Scientists have now found all of the molecules that make up DNA and RNA in samples of meteorites, which means that the building blocks of life could have arrived here from space. To put that in the form of claymation:
Another life form that arrived from space is Antoine de Saint-Exupéry’s Little Prince, who just came up to me and said “This is my Drawing Number One. Does it frighten you?” and showed me this:
”Why should anyone be frightened by a hat?” I said. “It’s not a hat!” he exclaimed. “Let me draw the inside so you can see it clearly.” Then he showed me his second drawing:
“Obviously it is The Discourse trying to digest the news that Elon Musk is going to buy Twitter. Ugh, grown-ups are such dumbasses.” Then he told me that I must go visit every planet and bring back whatever Discourse they have there.
Alone on a tiny asteroid, Robin Sloan crafted artisanal bullet points. “His substantial success launching reusable spaceships does nothing to prepare him for the challenge of building social spaces,” I could hear him mumble. “The latter calls on every liberal art at once, while the former is just rocket science… Twitter’s only conclusion can be abandonment.” What a bummer! Probably true though. I left him to it.
The next planet I visited was Planet Chotiner, where two serious men sat and discussed nonsense very seriously. “Deep analysis: He likes money,” said Chotiner. “You could say I’m wrong,” replied Matt Levine. “He might have some interesting plan, but I haven’t heard it yet.”
Then I arrived at a very large planet called “Planet Consequences.” The first people I met were Bloomberg’s Thyagaraju Adinarayan and Esha Dey, standing at the bottom of a deep pit. “Why are you down in that pit?” I asked them. “We’re looking for Tesla’s stock value,” they yelled up. I could barely hear them because the pit was so deep. “$126 billion of Tesla market cap was lost down here in just one day!” I shook my head and walked away, ignoring their increasingly faint cries for help.
Suddenly I was almost trampled by a giant herd of 30,000 new Mastodon riders. “Agh!” they screamed, “How does this work? Where am I? Where is everyone else? Oh my god this sucks!” I dodged out of their way, relieved I wasn’t swept up in that chaos.
I came to a building full of people who were all tied to their desks with fine golden threads, like precious spiderwebs. They were all desperate to leave, according to Sissi Cao in The Observer, and the golden threads tying them down were so flimsy, they could easily be broken. But no one knew if the threads were valuable, or if so, how valuable they might be. So they all sat at their desks and chattered on the phone all day, talking to recruiters and Insider’s Kali Hays. “Not yet,” they all said, “maybe soon though. But not yet. But maybe soon…” I felt sad, because they all seemed like they’d be much happier down in the Tesla stock value pit.
The last planet I visited was the planet of Takes. There I found three men with Opinions.
“Musk will not implement any significant changes,” said the first man, who was Max Read, “and in fact will strive to keep Twitter the same level of bad, and in the same kinds of ways, as it always has been, because, to Musk, Twitter is not actually bad at all.”
“So how could a new owner of Twitter make it more relevant in the world and finally make it profitable and sustainable as a business?” asked the second, Siva Vaidhyanathan. “None of Musk’s plans seem to address these two failures.” There were a lot of other people around this man but they were all saying basically the same thing so I continued on to the third.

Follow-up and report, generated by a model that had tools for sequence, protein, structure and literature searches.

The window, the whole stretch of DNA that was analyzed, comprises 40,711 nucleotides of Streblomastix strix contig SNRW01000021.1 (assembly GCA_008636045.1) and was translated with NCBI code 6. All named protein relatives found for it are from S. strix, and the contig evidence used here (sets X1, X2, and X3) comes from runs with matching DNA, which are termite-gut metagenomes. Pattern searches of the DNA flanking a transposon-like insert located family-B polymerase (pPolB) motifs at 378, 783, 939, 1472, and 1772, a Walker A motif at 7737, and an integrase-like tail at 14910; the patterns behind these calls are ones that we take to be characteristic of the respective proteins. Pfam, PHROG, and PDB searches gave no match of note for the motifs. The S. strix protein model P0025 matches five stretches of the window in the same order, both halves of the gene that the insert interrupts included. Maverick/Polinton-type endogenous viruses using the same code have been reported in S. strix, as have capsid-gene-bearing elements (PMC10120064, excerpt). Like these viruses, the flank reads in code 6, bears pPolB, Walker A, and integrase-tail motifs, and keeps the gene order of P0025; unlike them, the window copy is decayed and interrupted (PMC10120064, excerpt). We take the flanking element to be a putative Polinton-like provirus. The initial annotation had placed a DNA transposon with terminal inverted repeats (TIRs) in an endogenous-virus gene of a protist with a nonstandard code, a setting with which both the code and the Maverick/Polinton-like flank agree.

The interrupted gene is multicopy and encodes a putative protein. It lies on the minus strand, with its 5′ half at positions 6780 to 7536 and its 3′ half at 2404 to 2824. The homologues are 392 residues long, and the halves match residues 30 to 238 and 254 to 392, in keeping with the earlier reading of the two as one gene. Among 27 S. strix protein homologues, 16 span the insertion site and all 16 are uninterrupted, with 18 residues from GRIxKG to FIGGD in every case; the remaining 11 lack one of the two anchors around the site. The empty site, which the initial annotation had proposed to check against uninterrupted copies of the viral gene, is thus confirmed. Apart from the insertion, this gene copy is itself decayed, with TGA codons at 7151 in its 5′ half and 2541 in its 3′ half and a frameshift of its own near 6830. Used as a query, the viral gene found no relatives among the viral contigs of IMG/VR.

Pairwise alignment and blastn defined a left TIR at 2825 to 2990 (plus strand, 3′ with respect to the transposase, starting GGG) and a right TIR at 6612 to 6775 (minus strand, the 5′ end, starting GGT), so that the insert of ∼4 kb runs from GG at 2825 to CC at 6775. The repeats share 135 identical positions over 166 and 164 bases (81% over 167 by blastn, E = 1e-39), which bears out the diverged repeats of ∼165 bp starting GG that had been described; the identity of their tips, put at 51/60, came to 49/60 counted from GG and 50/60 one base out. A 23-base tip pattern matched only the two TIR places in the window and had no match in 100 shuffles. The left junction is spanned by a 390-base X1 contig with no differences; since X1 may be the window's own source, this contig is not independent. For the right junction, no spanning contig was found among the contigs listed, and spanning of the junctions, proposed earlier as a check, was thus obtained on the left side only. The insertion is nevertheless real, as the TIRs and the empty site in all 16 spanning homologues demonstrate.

The third man was Vice’s Edward Ongweso Jr, who told me that billionaires already own all of the media and platforms:
“The world's richest man will soon own Twitter. The second-richest man (Jeff Bezos) owns the Washington Post. The third-richest man (Bernard Arnault) owns French publisher Lagardère Group, which owns a host of major news media organizations in Europe. Two of the 10 richest men (Larry Page and Sergey Brin) own Google. Mark Zuckerberg, one of the richest 20 men in the world, owns Facebook, Instagram, and WhatsApp. If you are looking for another rich übermensch to save you, I’ve got bad news,” he said in a single breath. I admired his stamina but I didn’t stay to hear the bad news. I’d already heard quite enough.
I left the planet of Takes and returned home to tell the Little Prince all that I had learned. “Wow,” he said, “You do this every day, huh? Yikes!” Then he glanced down and for the first time I noticed the venomous snake at his feet.
“Aight Imma head out!” said the Little Prince, and kicked the snake.
“Dude?” said the snake.
The Little Prince kicked it again, harder.
“Listen if you can’t be cool I’m gonna go chill over there instead,” the snake hissed.
Then the Little Prince picked up the snake and ate it, and died.
Today in Crabs:
Today’s Song: Hans Zimmer, avec Camille, “Suis-moi”
~ But if you tab me, then we shall need each other. ~
Hey you should all be subscribed to Tom Scocca’s superb INDIGNITY, which is something I also thought before he called me “affable” yesterday. Much like Tabs it’s difficult to say what it’s “about” but it’s good reading and you will probably like it. I hope you enjoyed today’s extended voice exercise, and I hope this just about does it for Elon/Twitter discourse. Thanks yet again to Tabs Senior Managing Editor for Graphics Alison Headley for the Elonphant, and congrats on her promotion from Senior Contributing Editor for Graphics. Until tomorrow, catch me outside looking at bugs.